Prize-winning idea could overhaul engine design PASADENA

November 13, 1992|By John A. Morris | John A. Morris,Staff Writer

A light bulb went off in Jim Belford's head while he was scuba diving off the Florida coast.

The Lake Shore resident had an idea to make the battery-operated "scuba tows" he used to pull himself through the water go farther.

Frustrated by having to recharge every half hour, he initially just wanted to replace the battery with compressed air. But now, years later, he says he may have revolutionized the motor in a way that could change everything from car engines to refrigerators to power tools.

The Inventors Club of America, a 57-year-old non-profit group that promotes innovation worldwide, apparently agrees. It bestowed its 1992 New Products Award for marketable inventions on Mr. Belford last weekend at a international conference in Atlanta.

Tinkering with bits of old gears in his basement workshop, Mr. Belford devised the Bar Cam Power Transfer Device to replace the common crankshaft. That, he said, will make engines smaller, lighter and more efficient.

"The regular [combustion] engine has been around for so long. . . . There hasn't been anything earth-shattering developed for over 100 years," said Mr. Belford, 34, a heavy equipment operator. "The rotary engine was a great try, but this here is a whole new animal."

Mr. Belford's device is an oval-shaped, metal doughnut with geared teeth inside that transfers power more smoothly and efficiently to a drive shaft than a crankshaft.

Crankshafts "are left over from the steam engine. They've done their job. Now it's time for something new," he said.

Mr. Belford's award puts him in elite company. Others honored ** by the group include the inventor of the floppy disk drive, the laser, the forklift.

L Developing his idea into a patented invention -- Mr. Belford

holds two U.S. patents and has a third pending -- has not been easy financially or emotionally.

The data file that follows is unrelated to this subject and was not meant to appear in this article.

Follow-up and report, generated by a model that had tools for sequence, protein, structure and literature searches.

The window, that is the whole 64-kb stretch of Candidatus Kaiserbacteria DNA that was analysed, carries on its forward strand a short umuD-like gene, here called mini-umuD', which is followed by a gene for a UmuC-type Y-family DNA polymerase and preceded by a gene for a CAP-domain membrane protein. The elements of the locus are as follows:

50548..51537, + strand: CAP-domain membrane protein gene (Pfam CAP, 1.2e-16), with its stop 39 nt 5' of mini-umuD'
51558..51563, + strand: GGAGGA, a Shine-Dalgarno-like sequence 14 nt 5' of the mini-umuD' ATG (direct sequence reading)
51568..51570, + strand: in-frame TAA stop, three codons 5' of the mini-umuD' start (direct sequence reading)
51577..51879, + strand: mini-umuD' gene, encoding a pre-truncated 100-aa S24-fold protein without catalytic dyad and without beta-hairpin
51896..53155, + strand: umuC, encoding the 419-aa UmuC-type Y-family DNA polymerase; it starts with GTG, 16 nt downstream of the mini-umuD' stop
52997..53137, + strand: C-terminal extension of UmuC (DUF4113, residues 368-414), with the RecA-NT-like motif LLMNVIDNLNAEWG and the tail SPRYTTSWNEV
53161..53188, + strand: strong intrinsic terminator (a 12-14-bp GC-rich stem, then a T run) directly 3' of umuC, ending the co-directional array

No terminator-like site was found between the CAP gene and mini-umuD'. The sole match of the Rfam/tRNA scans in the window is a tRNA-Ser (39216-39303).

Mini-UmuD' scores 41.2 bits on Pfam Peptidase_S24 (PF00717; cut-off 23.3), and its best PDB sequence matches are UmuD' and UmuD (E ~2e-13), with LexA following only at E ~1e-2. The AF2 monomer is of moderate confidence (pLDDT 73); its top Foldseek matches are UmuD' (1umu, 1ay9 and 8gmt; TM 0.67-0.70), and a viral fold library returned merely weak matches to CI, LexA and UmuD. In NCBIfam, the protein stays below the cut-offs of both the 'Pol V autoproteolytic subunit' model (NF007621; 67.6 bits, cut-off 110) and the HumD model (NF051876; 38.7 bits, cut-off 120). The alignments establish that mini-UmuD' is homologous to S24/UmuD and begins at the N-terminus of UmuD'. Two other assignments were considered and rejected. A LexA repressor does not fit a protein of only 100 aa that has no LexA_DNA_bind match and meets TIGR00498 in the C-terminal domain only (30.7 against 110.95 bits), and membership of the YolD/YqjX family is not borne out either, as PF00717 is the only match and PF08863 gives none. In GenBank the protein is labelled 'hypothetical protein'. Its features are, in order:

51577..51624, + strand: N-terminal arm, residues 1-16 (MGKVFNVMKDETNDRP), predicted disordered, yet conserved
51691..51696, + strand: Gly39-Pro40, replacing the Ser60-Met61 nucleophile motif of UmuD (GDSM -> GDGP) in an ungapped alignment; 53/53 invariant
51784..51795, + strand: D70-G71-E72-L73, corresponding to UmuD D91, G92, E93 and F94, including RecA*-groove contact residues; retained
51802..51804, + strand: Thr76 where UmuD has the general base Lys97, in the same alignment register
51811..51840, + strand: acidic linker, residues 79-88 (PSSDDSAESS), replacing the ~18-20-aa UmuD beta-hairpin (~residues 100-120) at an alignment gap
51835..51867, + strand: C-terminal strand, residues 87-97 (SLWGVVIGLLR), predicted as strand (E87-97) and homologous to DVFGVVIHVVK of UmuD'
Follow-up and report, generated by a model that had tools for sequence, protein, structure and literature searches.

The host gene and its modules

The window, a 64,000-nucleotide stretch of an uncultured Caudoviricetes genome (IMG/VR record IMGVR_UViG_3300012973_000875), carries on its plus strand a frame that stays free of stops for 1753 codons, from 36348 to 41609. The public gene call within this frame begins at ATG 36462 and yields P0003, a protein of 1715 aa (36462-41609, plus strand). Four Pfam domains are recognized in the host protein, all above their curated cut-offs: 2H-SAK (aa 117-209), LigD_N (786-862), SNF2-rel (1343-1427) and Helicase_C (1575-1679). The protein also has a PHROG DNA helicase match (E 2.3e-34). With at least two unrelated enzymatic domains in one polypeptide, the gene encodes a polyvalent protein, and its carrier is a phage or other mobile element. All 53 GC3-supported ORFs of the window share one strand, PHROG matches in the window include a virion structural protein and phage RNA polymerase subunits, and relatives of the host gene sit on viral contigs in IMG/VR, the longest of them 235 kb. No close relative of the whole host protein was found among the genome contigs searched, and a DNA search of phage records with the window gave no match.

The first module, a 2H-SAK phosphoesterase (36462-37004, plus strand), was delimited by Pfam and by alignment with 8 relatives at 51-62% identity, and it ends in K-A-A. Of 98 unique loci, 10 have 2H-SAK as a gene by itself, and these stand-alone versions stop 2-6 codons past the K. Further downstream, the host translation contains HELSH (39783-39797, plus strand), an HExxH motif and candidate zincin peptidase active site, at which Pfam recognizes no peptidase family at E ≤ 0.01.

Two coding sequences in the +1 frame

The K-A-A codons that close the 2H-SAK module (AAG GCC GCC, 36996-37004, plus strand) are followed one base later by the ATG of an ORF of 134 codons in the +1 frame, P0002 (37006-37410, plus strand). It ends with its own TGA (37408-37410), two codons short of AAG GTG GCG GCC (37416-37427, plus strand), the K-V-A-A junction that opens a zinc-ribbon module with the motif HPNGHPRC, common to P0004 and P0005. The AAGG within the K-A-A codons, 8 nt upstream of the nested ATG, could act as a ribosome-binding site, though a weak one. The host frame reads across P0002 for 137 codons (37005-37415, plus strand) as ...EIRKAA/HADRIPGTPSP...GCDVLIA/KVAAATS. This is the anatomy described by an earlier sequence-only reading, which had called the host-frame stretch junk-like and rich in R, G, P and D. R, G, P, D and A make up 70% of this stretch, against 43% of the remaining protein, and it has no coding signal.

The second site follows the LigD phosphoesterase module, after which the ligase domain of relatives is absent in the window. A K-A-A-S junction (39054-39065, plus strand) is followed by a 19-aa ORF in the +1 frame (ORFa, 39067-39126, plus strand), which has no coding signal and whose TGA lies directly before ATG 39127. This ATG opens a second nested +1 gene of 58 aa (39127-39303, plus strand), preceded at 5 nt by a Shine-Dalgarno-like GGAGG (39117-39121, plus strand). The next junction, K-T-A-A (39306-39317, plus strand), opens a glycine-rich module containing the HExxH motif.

When Mr. Belford, who studied automotive mechanics at Northeast High School, began work on the device, some friends scoffed because he did not have college degree.

"I did get laughed at," he said. "People would say, 'If that's such a great idea, how come some engineer hasn't already done it?' "

His wife, Ann, was among the early naysayers. "Eventually, I realized you don't have to be 'smart' to have an idea," she said. "Sometimes, all it takes is common sense."

Mr. Belford resisted the temptation to sell his idea to someone else, which meant he had to bear the legal and filing costs of obtaining the patents himself. But now he's ready to market the device to manufacturers who might incorporate it in their products.

So far the only interest has been from abroad. "The response I get from the American companies boils down to the economy. They all say, 'Why should I build a new product when I can't sell what I have on my shelves now?' "

So convinced is he that his device represents an emerging industry that could create new American jobs that Mr. Belford this week telephoned the office of Texas billionaire Ross Perot, who chided the federal government for allowing manufacturing jobs to move overseas during his recent presidential campaign.

"If he's serious about keeping technology in this country, he'll call me back," Mr. Belford said.

Mr. Belford said he expects the bar cam device to appear initially in compressors used in industrial equipment and then in more commercial products, like refrigerators and air conditioners. He said the automotive industry would need at least five to seven years to retool its plants.

Is the bar cam device going to make him a millionaire? "God, I hope so," he said.

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